The International Solvay Institutes for Physics and Chemistry, located in Brussels, were founded by the Belgian industrialist Ernest Solvay in 1912, following the historic invitation-only 1911 Conseil Solvay, considered a turning point in the world of physics.
Solvay Conference 1927 – From back to front and from left to right : Auguste Piccard, Émile Henriot, Paul Ehrenfest, Édouard Herzen, Théophile de Donder, Erwin Schrödinger, Jules-Émile Verschaffelt, Wolfgang Pauli, Werner Heisenberg, Ralph Howard Fowler, Léon Brillouin, Peter Debye, Martin Knudsen, William Lawrence Bragg, Hendrik Anthony Kramers, Paul Dirac, Arthur Compton, Louis de Broglie, Max Born, Niels Bohr, Irving Langmuir, Max Planck, Marie Skłodowska Curie, Hendrik Lorentz, Albert Einstein, Paul Langevin, Charles-Eugène Guye, Charles Thomson Rees Wilson, Owen Willans Richardson / Image: Wikipedia / photo by Benjamin Couprie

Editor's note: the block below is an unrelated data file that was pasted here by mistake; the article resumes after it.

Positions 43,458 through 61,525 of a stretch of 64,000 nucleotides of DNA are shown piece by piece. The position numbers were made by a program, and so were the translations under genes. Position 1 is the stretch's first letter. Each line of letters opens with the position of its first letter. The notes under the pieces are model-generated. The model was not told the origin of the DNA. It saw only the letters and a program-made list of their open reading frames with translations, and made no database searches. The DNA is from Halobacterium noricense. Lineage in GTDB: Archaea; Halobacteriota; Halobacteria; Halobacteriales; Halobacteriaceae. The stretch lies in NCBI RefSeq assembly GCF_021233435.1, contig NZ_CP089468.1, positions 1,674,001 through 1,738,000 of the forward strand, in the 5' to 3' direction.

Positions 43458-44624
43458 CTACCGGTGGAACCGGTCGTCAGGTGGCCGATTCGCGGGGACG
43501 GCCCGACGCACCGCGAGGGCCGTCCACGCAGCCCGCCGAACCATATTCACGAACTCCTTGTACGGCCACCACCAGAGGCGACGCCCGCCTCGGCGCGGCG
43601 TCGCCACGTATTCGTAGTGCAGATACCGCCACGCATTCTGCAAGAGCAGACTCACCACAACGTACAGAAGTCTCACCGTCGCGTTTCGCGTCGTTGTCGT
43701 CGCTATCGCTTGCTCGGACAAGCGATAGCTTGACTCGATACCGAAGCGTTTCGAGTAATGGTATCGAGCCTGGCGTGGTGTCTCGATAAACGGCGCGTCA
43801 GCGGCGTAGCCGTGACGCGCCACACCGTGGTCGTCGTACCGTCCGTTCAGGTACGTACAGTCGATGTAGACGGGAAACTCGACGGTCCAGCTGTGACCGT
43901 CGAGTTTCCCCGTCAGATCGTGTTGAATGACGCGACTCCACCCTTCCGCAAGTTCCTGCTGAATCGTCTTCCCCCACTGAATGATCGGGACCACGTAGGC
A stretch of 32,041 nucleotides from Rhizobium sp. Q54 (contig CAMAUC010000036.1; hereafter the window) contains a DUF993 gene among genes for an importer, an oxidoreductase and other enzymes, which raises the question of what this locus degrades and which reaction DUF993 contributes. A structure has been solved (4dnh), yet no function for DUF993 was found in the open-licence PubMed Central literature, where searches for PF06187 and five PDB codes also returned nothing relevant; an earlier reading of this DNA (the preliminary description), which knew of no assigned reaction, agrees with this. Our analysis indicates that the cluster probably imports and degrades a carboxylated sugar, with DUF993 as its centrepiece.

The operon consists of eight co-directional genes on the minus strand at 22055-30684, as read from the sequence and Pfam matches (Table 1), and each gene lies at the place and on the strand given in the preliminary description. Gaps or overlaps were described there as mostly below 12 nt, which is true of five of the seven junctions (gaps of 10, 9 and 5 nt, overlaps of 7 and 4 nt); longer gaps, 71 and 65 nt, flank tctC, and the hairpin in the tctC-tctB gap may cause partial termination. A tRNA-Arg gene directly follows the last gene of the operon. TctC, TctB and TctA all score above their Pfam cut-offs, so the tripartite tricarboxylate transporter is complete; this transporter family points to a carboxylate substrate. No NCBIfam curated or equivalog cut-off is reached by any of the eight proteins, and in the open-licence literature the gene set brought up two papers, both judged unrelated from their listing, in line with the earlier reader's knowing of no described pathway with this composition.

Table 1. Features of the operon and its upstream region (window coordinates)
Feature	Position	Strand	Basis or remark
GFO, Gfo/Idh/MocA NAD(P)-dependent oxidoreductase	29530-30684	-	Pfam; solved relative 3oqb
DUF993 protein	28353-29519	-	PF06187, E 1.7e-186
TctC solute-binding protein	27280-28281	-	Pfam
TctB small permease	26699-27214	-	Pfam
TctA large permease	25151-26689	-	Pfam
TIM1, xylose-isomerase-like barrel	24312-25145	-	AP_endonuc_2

Following the initial success of 1911, the Solvay Conferences have been devoted to outstanding preeminent open problems in both physics and chemistry. The most famous conference was the Fifth Solvay Conference on Electrons and Photons held from 24 to 29 October 1927, where the world’s most notable physicists met to discuss the newly formulated quantum theory. The leading figures were Albert Einstein and Niels Bohr. 17 of the 29 attendees were or became Nobel Prize winners, including Marie Curie, who alone among them, had won Nobel Prizes in two separate scientific disciplines.
Featured Image: Former Institute of Physiology, venue of the Fifth Solvay Conference in 1927, now the Lycée Émile Jacqmain / Image: via de.wikipedia.org